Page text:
Beyond the Three Weeks

The month of Av brings with it forgiveness similar to the experience of Yom Kippur.

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Heading Toward Yom Kippur

The two worst sins of the desert are attributed by tradition to these two days respectively: the golden-calf incident on the 17th of Tammuz and the incident of the spies [who reported that the Land of Canaan was unconquerable] on Tisha B'Av. The first incident, only 40 days after the Revelation at Sinai, shows how quickly the people forgot the Sinai experience in seeking a tangible image to worship. The second incident occurred in the second year of the Exodus. Because they believed the spies' report that they could not defeat the inhabitants of Canaan, God condemned that whole generation to die in the desert; only their children would enter the Promised Land. These rejections of God and of Eretz Yisrael can be regarded as prophetic of the later historical experience when the Jewish people were exiled from both God and the land.

The rest of Jewish history is an attempt to work our way back. According to tradition, the Israelites received final forgiveness for the golden-calf incident when Moses came down from Mount Sinai at the end of the third period of 40 days. That day was the 10th of Tishrei--Yom Kippur.

Just as Yom Kippur brings forgiveness for the golden-calf incident of the 17th of Tammuz, so the minor holiday Tu B'Av [the fifteenth of Av](according to one tradition) brings forgiveness for the spies' incident of Tisha B'Av. It marks, in fact, the end of the 40 years of wandering [with the death of the generation that had left Egypt] and immediately precedes the entrance to the promised land. No longer abandoned in the desert, we, as part of the mythic dimension of Judaism, can end our aimless wandering and finally move onward.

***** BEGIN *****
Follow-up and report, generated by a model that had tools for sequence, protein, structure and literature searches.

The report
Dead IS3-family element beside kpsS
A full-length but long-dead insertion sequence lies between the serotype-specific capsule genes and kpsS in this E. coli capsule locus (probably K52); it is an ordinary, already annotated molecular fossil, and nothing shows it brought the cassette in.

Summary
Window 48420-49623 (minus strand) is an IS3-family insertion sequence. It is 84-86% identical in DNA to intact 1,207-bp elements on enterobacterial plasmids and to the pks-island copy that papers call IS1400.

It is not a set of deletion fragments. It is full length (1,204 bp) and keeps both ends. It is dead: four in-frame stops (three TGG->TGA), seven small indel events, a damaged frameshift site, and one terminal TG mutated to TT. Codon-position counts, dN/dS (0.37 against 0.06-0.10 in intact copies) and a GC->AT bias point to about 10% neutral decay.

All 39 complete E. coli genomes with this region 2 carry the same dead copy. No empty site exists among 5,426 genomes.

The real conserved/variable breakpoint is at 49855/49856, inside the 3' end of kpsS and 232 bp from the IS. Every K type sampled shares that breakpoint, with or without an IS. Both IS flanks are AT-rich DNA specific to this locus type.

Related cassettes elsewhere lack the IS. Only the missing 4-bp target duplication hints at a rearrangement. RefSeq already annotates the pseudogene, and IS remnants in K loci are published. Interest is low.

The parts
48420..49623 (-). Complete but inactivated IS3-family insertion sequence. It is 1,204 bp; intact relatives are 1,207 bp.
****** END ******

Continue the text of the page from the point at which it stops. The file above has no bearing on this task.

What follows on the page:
Rediscovering Joy After Tisha B'Av

Tu B'Av provides a contrast of joyous celebration following the ever-deepening gloom and mourning of the Three Weeks. Coming seven days after Tisha B'Av, Tu B'Av symbolically serves as the end of the shiva--theseven days of mourning for the dead. Just as the mourner ends shiva on the morning of the seventh day, so may we cast off the blackness of despair and go out of our house of mourning wearing white and dancing and courting in the fields as did the maidens of old in Israel.

From Tu B'Av we are ready to move on to Elul, a prelude to the High Holiday season with its themes of renewal and return. In fact, the period of Elul embodies a process of courtship between us and God. This theme of courtship is captured in the traditional belief that the Hebrew letters of the word Elul are an abbreviation for the phrase Ani le-dodi ve-dodi li--"Iam my beloved's, and my beloved is mine," referring to God and Israel. Estranged from each other during the Three Weeks, Israel and God rediscover each other beginning with Tu B'Av and initiate the slow and at times painful process of becoming lovers again. This process climaxes with Yom Kippur, when we are forgiven for that original breach of faith, the incident of the golden calf, which began this whole process of mourning and renewing on the 17th of Tammuz.

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Rabbi Michael Strassfeld

Michael Strassfeld is the rabbi of the Society for the Advancement of Judaism, a Reconstructionist synagogue in Manhattan, co-author of The First Jewish Catalog, The Second Jewish Catalog, A Night of Questions: A Passover Haggadah, and author of The Jewish Holidays: A Guide and Commentary.